Adventures in Jury Duty

At my age, you would think I would have served on at least one jury, but all of the times I’ve been called, I’d never even made it to the jury box. Until two weeks ago, when I was selected to serve in the US Court.

The trial is over and I thought I’d share my updated thoughts about jury duty.

  1. It’s Expensive – I’m a writer with a part-time job that pays the bills when book sales are sluggish. I don’t have jury duty leave, so I don’t get paid when I don’t work. Sure, the court will eventually get around to sending me $40 a day, but that’s my hourly rate. I’m out more than $1,000 for my little civic adventure. I’m incredibly fortunate because my employer gives me vacation time so I won’t have to take that hit, but I’m out 7 days of vacation.
  2. It’s Boring – You see all those exciting courtroom dramas on TV and in the movies but a real trial is nothing like that. The case itself was interesting, but the process was not. There were lots of “side bar” conversations where the attorneys chat with the judge off in a corner to decide some complicated thing they may not want the jury to hear. They turn on a white noise generator during these side bars and whenever the attorney doing the questioning consults with the second attorney on the team. There’s a whole lot of nothing to do during these times for the jury.
  3. It’s Fascinating – The testimony of the witnesses was fascinating and I found myself completely wrapped up in it. As a juror, part of my job was to judge who might be fudging on the truth, who might be biased because of personal or professional issues and to what degree the witness testimony was trustworthy. I had questions that went unanswered and that made it more challenging during deliberations, but you have to decide the case based only on what is presented so unanswered questions remain unanswered at the end of the day.
  4. It’s Sad – This was a wrongful death case. A man was killed at work, falling off the top of his truck as he was loading it with molten sulfur. The one eye witness had been hard hit emotionally, something that was very obvious during his testimony three years after the fact. No matter how we would decide the case, it’s tragic to hear about somebody who was just trying to make a living, have his life end like that.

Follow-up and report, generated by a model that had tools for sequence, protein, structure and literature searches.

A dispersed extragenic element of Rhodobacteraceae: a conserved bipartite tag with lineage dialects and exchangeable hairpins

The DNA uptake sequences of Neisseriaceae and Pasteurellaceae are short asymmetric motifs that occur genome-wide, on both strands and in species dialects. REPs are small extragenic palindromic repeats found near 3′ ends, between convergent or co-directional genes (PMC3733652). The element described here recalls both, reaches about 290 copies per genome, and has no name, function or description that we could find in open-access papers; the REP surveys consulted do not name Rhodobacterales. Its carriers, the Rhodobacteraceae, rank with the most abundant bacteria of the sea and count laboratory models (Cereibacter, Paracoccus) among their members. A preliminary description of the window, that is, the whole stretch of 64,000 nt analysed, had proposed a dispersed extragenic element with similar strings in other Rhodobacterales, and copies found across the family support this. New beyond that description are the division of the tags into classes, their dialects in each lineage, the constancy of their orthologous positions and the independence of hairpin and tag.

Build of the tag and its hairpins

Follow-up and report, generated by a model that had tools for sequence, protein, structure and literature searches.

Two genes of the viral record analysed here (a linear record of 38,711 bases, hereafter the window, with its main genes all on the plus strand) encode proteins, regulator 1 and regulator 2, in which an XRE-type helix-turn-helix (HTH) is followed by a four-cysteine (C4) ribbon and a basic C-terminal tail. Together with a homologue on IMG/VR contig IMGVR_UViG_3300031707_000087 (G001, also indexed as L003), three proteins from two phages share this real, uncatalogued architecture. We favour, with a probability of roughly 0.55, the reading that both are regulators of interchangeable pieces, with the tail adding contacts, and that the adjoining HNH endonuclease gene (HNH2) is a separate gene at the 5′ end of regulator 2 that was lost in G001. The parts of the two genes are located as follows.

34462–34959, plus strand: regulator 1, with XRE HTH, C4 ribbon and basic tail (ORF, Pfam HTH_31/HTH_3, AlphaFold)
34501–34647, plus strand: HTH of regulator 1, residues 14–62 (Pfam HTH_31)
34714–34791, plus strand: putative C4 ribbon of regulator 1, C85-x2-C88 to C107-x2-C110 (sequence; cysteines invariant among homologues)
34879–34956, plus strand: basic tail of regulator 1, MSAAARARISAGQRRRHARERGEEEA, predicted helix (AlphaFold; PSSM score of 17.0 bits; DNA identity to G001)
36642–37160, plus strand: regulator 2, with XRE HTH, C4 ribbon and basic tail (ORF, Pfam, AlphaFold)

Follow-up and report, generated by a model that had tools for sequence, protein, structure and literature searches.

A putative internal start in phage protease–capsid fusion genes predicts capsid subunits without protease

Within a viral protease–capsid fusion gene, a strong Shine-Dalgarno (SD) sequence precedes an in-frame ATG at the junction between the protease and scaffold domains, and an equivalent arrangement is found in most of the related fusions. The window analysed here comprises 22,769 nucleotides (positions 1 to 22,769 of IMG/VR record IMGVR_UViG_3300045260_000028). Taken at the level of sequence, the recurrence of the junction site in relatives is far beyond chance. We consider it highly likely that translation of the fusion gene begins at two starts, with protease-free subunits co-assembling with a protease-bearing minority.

5. It’s Educational – This case made me painfully aware of how dangerous some jobs are. I know this from living in Wyoming and hearing the workplace fatality statistics, but dry statistics can’t show you the real individuals who do this work every day. The men who testified about their experiences doing the same job, were tough but admitted they’re scared up on their trucks every time, but you have a job to do and you get it done. That really touched me.
  6. It’s Frustrating – During deliberations, reaching agreement on all aspects of the decision was an adventure. It took us five hours, but we were unanimous in the end. To protect my fellow jurists, that’s all I’ll say about that process.
  7. It’s Important – I know it sounds corny, but the judicial system wouldn’t work if it weren’t for people being willing to make the sacrifice to answer the summons and come in for jury duty. I know everyone talks about ways to get out of it, but if I were a plaintiff or a defendant, I’d sure be thankful for the people who serve. A jury of ordinary people, taking time to hear both sides, weigh the cases presented, talk through the issues and come to a decision is a beautiful thing.

I’m glad that I’ve completed my service and am free from being called (by this level anyway) for two years, but after all those times not even making it to the jury box, I’m kind of glad that for once, I got to see the process from start to finish.

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